Chapter Five Character in Science Fiction

Character: Practice

Give him a compulsion and turn him loose!

—Ray Bradbury

"Fifteen Miles" dealt with three characters, and each of them had a problem. Chet Kinsman was the viewpoint character, of course — the protagonist. Everything in the story was seen from his point of view. Without him and his problems, there would have been no story.

Notice that Kinsman had problems, plural. That is one major difference between the protagonist of a story and the other characters. Secondary characters can have one fundamental problem to solve. Minor characters need not have any problems at all. But the protagonist, the person whom the story is all about, the person whom the reader wants to be — the protagonist has a whole complex of problems.

All of Kinsman's problems stem from his fundamental emotional conflict of guilt vs. duty. Father Lemoyne is torn by pride vs. obedience. And Bok's problem is fear vs. responsibility.

Kinsman was raised in a Quaker family; he was not a terribly religious person, but his upbringing was in the pacifistic Quaker environment. Years before this story took place, he killed a Russian cosmonaut in hand-to-hand struggle during an orbital mission. It was a military mission, and both Kinsman and the Russian were military officers. (These stories were written in the 1960s, during the darkest days of the US-USSR Cold War. That is not to say, however, that someday the interests of the United States and Russia [or some other space-faring nation] might not again come into conflict.)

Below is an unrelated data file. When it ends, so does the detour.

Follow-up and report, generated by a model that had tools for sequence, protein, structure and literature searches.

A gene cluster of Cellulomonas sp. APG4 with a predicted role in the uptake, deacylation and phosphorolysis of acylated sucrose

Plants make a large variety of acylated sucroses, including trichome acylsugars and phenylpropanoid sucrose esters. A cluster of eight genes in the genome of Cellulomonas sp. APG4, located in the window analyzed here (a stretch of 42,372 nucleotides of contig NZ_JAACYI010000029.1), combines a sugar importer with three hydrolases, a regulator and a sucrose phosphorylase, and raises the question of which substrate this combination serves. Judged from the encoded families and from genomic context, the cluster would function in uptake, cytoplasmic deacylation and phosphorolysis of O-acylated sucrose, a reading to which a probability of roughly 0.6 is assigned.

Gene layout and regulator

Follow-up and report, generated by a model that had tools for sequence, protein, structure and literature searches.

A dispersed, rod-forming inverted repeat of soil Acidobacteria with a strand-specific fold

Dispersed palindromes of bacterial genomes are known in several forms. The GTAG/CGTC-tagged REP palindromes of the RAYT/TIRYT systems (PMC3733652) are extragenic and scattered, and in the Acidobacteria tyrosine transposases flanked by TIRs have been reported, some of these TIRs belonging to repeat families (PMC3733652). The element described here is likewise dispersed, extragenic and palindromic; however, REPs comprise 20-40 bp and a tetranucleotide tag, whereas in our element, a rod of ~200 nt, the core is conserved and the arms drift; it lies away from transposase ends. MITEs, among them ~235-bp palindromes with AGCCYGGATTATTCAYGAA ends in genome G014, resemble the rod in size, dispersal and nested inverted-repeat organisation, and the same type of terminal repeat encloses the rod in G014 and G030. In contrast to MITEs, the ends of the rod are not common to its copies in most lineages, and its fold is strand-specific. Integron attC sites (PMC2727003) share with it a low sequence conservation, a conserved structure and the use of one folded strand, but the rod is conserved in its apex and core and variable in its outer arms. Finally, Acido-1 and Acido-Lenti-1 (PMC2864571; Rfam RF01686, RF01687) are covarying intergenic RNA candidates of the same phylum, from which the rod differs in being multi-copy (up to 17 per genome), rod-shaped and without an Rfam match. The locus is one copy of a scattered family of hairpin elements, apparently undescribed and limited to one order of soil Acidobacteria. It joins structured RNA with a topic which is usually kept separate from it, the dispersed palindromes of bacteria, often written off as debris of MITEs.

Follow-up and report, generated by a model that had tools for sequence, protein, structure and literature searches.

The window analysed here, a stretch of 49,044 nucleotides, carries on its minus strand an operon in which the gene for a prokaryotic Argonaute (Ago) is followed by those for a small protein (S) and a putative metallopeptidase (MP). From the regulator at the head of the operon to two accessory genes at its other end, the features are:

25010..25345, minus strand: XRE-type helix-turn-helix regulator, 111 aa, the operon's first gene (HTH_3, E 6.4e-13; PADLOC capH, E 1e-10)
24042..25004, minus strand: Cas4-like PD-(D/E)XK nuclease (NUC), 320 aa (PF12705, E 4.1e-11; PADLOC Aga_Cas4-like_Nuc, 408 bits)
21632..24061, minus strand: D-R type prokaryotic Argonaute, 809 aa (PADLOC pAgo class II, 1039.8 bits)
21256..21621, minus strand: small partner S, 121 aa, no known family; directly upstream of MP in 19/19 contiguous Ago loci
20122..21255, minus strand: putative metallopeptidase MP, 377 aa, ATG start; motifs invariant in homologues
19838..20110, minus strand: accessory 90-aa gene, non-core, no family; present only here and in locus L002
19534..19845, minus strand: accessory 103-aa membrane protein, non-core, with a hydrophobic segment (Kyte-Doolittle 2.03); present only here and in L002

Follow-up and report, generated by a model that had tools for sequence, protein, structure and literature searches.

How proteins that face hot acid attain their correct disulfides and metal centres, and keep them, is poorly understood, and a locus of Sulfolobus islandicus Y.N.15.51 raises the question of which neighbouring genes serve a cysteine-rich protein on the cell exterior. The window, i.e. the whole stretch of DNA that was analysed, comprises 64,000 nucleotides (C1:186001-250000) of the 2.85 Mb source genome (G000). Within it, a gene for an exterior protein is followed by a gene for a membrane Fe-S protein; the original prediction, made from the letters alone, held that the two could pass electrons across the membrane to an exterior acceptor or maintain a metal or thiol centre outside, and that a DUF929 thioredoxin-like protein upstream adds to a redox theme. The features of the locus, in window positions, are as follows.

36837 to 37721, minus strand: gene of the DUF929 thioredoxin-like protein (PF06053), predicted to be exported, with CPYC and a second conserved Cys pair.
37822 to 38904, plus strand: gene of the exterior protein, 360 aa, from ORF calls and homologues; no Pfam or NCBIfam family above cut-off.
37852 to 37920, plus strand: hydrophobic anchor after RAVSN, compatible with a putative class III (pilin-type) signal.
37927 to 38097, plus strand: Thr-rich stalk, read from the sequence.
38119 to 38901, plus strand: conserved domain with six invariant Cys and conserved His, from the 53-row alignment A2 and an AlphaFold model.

Usually, when military personnel battle and kill each other, it is not regarded as murder. But the cosmonaut was a woman, a fact that Kinsman did not know until he had pulled the airhose out of her helmet, suffocating her. His Quaker conscience has been screaming at him ever since, not just because he killed a fellow human being—in a situation where he might have gotten away without killing — but because it was a woman that he killed. Men can often justify murdering another man, but they have been raised to think of women as physically weaker than men. Men do not fight against women, as a rule. Even in the U.S. armed services, women's role in combat is severely curtailed. To kill a woman, to murder a woman in a hand-to-hand fight, is shocking to a man like Kinsman.

With that heavy conscience, Kinsman is locked into a two-week-long mission on the moon's surface with two other men. One of them is a priest, a symbol of conscience, a constant reminder to Kinsman that he is guilty of the sin of murder. So, even before the story actually begins, we have a very uncomfortable situation for our protagonist.

To this inner, mental problem we add an exterior, physical problem. More than one, in fact. The priest is lost, somewhere in the forbidden interior of the huge lunar crater (or ringwall) Alphonsus. The third member of the team, the astronomer Bok, is frightened to move out of the safety of their underground shelter.

This leaves Kinsman with a nasty set of problems. Where is Father Lemoyne? Is he hurt, and does he need help? Should Kinsman obey official regulations and leave the priest to his fate, or should he break the rules and try to find him?

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